Salt Can Prevent And Treat Grass Tetany

Research by a veterinary pathologist indicates salt is a big factor in preventing and treating grass tetany.Without adequate sodium in the blood, the body grabs onto the most available cation, which would be magnesium, followed by calcium.When the cow consumes frost-damaged forage and the spike of nitrate occurs, her body accesses magnesium in the blood to eliminate the nitrate. This depletes the body and the cow goes down.

Heather Smith Thomas

March 27, 2012

11 Min Read
Salt Can Prevent And Treat Grass Tetany

Editor’s note: Thomas Swerczek does not, nor did the article “The Grass Tetany Puzzle” intend to, espouse the elimination of trace mineral supplements in grazing programs. Rather, the point of the article was that salt has been overlooked as a potential prevention and treatment factor in grass tetany. It is a condition that, in the U.S., occurs mostly in eastern areas where cattle have access to cool-season grasses.We apologize if there was a lack of clarity on this point.

Grass tetany goes by many names – grass staggers, milk tetany, wheat pasture poisoning, and barley poisoning, to name a few. Just as varied as its name has been the speculation as to the cause of this condition. Grass tetany affects mature cattle that graze lush forage following the freezing of early-spring pastures or the sudden growth after rainfall following a drought. The condition mostly occurs in the eastern U.S. in areas with cool-season grasses.

Thomas Swerczek, a veterinary pathologist in Kentucky, thinks the answer may be sodium deficiency.

Grass tetany was first described in Britain in 1930, and was associated with magnesium deficiency and a coexisting calcium deficiency, as well as excess potassium in the blood of affected animals. During cool, wet conditions or regrowth after frost or drought, sodium levels in certain forages plummet, while nitrogen and potassium levels spike.

The traditional recommended preventive has been supplemental dietary magnesium, with treatment consisting of oral and/or intravenous magnesium. But, after examining cattle lost in 2001 following spring frosts in the Midwest – and then analyzing the pastures – Swerczek uncovered some clues about the cause and prevention of grass tetany.

“When I came to Kentucky in 1969, the common preventive for grass tetany was to feed more magnesium. But, cattle wouldn’t eat magnesium free-choice due to its bitter taste, so it was mixed with other feed. And, some farmers fed meat and bone meal, which is high in magnesium,” Swerczek says.

Then, the feeding of dicalcium phosphate and inorganic minerals became common. “Animal scientists and nutritionists thought some forages were poor quality and we needed to add minerals for better utilization. But such supplements still didn’t prevent grass tetany syndrome,” he says.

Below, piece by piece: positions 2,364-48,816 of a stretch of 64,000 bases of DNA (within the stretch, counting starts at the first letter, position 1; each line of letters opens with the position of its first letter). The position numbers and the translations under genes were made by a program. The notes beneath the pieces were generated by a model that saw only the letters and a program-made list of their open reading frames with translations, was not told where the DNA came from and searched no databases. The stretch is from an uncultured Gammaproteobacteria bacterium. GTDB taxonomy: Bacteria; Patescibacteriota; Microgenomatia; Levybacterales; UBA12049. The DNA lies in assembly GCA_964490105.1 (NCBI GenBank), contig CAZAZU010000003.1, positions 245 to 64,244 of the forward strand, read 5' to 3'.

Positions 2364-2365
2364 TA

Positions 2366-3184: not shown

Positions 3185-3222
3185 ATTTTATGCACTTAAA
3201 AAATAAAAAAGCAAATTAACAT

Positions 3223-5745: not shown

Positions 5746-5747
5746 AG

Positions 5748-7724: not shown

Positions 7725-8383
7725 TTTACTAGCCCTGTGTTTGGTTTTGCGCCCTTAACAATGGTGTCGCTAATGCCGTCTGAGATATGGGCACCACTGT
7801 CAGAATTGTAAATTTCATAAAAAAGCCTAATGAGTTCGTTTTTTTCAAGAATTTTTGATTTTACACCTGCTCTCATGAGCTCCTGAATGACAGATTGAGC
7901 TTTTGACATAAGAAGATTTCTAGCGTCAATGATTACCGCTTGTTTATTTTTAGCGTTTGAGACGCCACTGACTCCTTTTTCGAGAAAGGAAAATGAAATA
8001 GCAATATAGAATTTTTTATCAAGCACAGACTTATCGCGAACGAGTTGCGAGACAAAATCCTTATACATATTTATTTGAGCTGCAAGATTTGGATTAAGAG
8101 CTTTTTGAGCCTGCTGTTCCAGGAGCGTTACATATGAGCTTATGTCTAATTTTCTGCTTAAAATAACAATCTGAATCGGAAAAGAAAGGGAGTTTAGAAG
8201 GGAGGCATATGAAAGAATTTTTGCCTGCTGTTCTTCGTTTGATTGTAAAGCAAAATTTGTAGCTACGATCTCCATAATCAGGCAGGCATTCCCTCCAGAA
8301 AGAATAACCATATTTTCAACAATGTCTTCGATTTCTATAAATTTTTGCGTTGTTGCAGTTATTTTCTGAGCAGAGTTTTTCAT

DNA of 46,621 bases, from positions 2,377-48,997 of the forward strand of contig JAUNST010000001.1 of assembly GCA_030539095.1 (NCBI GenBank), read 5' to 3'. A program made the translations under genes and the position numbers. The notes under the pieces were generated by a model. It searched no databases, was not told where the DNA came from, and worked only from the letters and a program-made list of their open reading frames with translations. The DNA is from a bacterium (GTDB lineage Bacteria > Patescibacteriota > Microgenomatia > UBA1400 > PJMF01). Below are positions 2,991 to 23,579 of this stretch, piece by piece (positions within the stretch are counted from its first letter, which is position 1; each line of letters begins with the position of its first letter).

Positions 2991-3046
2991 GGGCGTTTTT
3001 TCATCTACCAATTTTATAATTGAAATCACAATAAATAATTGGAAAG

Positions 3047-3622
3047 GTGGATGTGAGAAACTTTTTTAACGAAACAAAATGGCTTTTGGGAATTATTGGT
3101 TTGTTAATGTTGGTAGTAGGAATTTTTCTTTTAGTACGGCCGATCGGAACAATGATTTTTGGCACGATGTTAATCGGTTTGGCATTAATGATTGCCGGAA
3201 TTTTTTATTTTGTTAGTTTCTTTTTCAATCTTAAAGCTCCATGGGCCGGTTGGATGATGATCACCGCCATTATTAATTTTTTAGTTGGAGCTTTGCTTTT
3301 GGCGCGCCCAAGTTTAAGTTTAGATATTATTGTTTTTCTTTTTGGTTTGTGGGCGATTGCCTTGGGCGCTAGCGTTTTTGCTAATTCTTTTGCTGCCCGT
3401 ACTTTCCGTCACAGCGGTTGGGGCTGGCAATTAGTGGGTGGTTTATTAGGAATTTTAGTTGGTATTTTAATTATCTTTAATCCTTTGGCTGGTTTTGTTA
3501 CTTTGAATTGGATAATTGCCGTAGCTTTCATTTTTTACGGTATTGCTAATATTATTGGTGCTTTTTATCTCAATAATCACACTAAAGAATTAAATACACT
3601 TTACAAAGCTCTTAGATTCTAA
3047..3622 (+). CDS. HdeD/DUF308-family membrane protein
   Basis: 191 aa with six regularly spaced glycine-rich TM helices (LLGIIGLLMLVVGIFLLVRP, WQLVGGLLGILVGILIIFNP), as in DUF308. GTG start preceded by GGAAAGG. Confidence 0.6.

So, producers evolved to supplementing magnesium during the 2-3 weeks of lush spring growth. When that didn’t reduce grass tetany incidence, Swerczek says nutritionists recommended initiating supplementation even earlier – 4-5 weeks before peak pasture growth.

“That didn’t work, either. So they recommended starting in February, before the grass starts growing. By the 1980s, the recommendation was year-round supplementation, to get it into the animals’ bones,” Swerczek explains. The idea was cattle would access the magnesium out of bone storage when blood levels dropped due to sudden pasture changes.

A change in condition

Swerczek’s training includes veterinary medicine and comparative and nutritional pathology. As a pathologist, he did diagnostics and necropsies on livestock until the early 1970s. Then, he worked as an equine diagnostic research pathologist for 15 years.

In 1986, his necropsy research moved to all classes of livestock. Upon resuming necropsies on cattle, he was shocked to see how much worse the grass tetany situation had become during his hiatus.

“The dead cattle were arriving in a wasted condition I hadn’t seen before 1971, when I’d stopped doing cattle necropsies.” Then, in 1995, he began to see cattle with adult salmonellosis, coccidiosis and other calfhood diseases, which didn’t make sense.

Some pathologists observing the poor condition of cattle coming in for necropsy thought producers weren’t feeding enough protein, Swerczek says. “But when grass tetany problems peaked in 1995-96, the purebred breeders were hit the hardest. So, I began evaluating mineral mixes and visiting some of these purebred herds.”

Swerczek collaborated on this project with William McCaw, a DVM searching for answers in several purebred herds. McCaw also had surmised that something related to diet was causing wasting and opportunistic diseases, he says.